It’s been a fortnight since I uploaded this first video to YouTube and I had hoped that the second instalment would be ready to upload this evening… Well, it hasn’t quite worked out that way – and it has taken me this long to get around to writing about it!
Here it is, for those of you who haven’t already seen it across my social media sites.
For those who haven’t already seen this through other social media outlets; here we have my most recent YouTube upload, where I set about repairing the mitred corners of a serving tray I made about seven-years ago.
Tomorrow, I’ll add a blog post, outlining a few still and details to complement this repair.
As I write this, I’m currently working on a new video on a walk I did in December. That should appear soon and will then be followed by further DIY and woodworking uploads. If you haven’t done so, I would like to encourage you to subscribe to my channel on YouTube. My following appears to be growing at a steady rate and I’m confident that I’ll reach the 4,000 mark before too long.
Having viewed the potential-workshop a few days ago now, I’ve taken the weekend to step back and decide that I will be going for it – just in case there was ever any doubt! 😉
Things are still yet to be signed, dotted and paid for as I write this but I remain confident regardless. In this post, I’ll be highlighting a few things I’ve since noticed and looking ahead to what will need to be done.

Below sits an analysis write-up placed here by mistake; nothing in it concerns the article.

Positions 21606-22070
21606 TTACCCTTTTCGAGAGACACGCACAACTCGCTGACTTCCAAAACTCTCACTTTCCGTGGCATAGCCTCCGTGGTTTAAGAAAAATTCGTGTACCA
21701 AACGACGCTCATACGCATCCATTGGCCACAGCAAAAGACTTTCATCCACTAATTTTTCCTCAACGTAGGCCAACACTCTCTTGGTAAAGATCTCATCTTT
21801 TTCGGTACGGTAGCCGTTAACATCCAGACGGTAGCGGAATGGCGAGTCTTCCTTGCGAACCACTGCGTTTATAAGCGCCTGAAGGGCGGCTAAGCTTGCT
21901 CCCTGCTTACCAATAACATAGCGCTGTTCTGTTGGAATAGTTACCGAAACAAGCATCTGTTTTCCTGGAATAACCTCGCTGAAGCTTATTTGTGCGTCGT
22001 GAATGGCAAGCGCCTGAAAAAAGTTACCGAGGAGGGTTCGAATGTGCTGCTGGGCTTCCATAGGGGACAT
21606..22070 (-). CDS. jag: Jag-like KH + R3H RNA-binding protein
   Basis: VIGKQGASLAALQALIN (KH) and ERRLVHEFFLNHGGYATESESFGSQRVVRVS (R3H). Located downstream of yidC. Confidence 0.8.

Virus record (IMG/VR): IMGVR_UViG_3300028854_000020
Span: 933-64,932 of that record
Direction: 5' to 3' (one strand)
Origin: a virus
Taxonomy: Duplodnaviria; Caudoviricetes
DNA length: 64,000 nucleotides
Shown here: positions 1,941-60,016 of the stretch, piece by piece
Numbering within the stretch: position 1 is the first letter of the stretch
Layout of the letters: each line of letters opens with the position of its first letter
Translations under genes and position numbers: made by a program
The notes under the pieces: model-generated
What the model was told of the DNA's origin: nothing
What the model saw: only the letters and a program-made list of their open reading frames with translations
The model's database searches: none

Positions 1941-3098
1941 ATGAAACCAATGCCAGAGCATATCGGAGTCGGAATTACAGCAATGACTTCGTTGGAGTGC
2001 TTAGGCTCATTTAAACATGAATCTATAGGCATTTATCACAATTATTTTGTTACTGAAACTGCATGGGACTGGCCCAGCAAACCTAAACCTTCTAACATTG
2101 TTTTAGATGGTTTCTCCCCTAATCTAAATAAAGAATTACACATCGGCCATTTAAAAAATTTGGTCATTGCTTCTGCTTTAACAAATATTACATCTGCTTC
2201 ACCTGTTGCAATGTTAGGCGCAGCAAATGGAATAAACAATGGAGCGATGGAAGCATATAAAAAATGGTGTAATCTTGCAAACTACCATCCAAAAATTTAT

Somehow, it’s been almost four complete months since I posted Part 2… It was in the following month (September) that I was able to complete the finishing touches to the shed and get the overdue finished photos (albeit, captured on my smart phone).
In this post, we’ll go over those final additions as the project draws to a close.
Over the weekend, I made my most recent trip to Ikea (twenty-four hours after ‘Black Friday’, no less) and obtained a final box of Lots mirror tiles (plus one spare pack, in case of any further breakages).
This post will tie up all the loose ends with regards to how the project came to a close.
For this window-mirror, I wanted to use rectangular glazing that would complement the functional window that this construction is likely to be situated across the room from. Looking around at various packs of glass tiles and they only appeared to come in square sizes. For a while, I was tempted to buy a pack of mirrored-acrylic tiles from a seller on eBay, knowing they can be cut with woodworking equipment.
Looking around some more and I found Ikea’s Lots mirror tiles and, for the quantity I required, they were set to work out at around half the cost of the acrylic, even before postage. So, after collecting three packs from Ikea in Bristol, I was left with the challenge of having to cut the glass myself – all of which is detailed below.
This is an idea I’ve been entertaining for a number of months, although not something I had cooked up entirely within my own skull.
My flat is lacking in light, being on the ground floor and with only window window fitted in each room. Instead of adding lamps and racking up the electricity bill, I came up with the idea to use mirrors. This is an alternative take on simply buying a ‘rectangular frame’. I like the thought of being able to add the impression of an extra window in my living room.